A new artificial intelligence (AI) algorithm that integrates a patient’s CT scan of the lungs and other clinical information could detect and diagnose coronavirus disease 2019 (COVID-19).
The algorithm, published in Nature Medicine, mimics the workflow that a doctor uses to diagnose COVID-19 and it gives a prediction of positive or negative diagnosis. The AI model could also produce separate probabilities of a patient testing positive for COVID-19 based on CT images, clinical data, or a combination of both.
Researchers trained and fine-tuned the algorithm before testing its detection performance, or sensitivity. They then applied the algorithm to 279 patients—half which tested positive and the other half negative for COVID-19. The algorithm had a significantly higher sensitivity of 84% compared to 75% for radiologists evaluating the images and clinical data. More specifically, the algorithm detected 68% of COVID-19 positive cases, whereas radiologists interpreted all of these cases as negative due to the negative appearance of the disease on a CT scan.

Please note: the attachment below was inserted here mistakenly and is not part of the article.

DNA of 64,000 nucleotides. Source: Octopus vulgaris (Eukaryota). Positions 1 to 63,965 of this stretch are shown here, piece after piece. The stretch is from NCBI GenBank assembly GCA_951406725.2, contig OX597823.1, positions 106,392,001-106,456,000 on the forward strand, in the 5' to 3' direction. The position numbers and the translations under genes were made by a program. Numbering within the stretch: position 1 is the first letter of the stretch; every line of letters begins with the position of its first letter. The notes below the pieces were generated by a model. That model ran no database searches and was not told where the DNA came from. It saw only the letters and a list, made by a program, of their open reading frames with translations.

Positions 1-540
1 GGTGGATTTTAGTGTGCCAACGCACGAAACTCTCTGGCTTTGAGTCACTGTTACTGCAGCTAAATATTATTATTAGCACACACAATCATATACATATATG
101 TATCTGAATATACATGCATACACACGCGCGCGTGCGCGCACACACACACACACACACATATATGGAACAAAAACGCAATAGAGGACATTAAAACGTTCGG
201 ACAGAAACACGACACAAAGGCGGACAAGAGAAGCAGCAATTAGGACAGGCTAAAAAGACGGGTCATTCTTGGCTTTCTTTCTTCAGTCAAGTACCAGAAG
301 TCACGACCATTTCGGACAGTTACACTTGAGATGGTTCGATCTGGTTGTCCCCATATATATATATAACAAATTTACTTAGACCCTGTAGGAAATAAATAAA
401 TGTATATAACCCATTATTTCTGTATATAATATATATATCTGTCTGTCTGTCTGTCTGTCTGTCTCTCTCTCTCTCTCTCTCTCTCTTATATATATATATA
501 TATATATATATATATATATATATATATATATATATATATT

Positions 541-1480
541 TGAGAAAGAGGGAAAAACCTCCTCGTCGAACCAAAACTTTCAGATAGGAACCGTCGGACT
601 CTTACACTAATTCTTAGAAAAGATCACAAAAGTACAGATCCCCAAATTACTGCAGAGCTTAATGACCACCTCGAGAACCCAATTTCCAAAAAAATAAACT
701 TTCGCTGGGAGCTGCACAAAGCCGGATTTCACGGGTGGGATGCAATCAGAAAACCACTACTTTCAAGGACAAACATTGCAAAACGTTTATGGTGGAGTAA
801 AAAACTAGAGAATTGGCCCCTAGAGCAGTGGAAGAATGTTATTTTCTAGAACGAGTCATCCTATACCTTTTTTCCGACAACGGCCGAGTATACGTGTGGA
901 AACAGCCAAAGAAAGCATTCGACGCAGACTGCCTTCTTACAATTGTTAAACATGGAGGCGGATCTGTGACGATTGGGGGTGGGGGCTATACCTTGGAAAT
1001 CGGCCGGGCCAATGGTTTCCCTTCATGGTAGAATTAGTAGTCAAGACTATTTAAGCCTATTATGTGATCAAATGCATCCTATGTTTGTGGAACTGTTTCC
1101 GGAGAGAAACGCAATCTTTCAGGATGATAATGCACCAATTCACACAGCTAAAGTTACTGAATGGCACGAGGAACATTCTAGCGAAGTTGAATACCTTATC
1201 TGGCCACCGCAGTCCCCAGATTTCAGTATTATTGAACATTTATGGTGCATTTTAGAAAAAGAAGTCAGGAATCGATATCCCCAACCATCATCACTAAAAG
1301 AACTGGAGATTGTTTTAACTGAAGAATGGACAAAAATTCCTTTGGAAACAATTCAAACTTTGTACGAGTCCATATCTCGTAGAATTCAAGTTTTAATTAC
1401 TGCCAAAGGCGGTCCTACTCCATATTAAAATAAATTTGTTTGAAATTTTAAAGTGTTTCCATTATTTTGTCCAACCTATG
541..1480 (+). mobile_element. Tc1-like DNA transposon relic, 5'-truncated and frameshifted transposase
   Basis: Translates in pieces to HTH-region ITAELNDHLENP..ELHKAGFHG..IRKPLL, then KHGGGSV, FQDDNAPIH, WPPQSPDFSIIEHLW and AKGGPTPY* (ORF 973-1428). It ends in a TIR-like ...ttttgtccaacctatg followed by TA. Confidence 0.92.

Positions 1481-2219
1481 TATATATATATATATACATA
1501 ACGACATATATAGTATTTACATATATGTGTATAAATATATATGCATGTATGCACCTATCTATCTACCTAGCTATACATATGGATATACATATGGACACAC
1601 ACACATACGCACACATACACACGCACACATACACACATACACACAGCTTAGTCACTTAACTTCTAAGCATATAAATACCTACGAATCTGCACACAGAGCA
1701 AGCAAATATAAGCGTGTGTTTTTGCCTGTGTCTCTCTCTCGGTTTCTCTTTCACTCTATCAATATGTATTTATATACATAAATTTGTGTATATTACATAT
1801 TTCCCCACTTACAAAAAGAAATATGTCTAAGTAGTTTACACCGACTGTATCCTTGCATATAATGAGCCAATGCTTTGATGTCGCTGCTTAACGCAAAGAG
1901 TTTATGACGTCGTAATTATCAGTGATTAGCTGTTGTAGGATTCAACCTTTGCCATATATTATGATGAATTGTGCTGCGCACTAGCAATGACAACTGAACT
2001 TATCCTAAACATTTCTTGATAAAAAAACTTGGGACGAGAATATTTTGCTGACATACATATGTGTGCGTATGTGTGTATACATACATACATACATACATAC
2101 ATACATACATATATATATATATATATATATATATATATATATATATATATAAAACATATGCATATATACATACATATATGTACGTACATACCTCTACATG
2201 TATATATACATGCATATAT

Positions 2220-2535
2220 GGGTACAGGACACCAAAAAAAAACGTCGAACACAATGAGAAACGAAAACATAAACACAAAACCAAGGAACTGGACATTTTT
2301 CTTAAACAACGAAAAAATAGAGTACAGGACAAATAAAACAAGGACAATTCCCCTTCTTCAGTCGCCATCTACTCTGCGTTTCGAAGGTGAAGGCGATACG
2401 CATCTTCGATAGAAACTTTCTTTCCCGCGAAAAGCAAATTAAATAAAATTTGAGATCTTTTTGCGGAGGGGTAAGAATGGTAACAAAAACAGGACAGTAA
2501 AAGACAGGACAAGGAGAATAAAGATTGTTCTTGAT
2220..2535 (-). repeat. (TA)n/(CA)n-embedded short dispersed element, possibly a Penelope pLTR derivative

The study, partly-funded by NHLBI, suggests that improved detection could keep patients isolated if scans don’t show lung disease when symptoms first present and when COVID-19 symptoms resemble the flu or common cold, that make it difficult to diagnose the disease.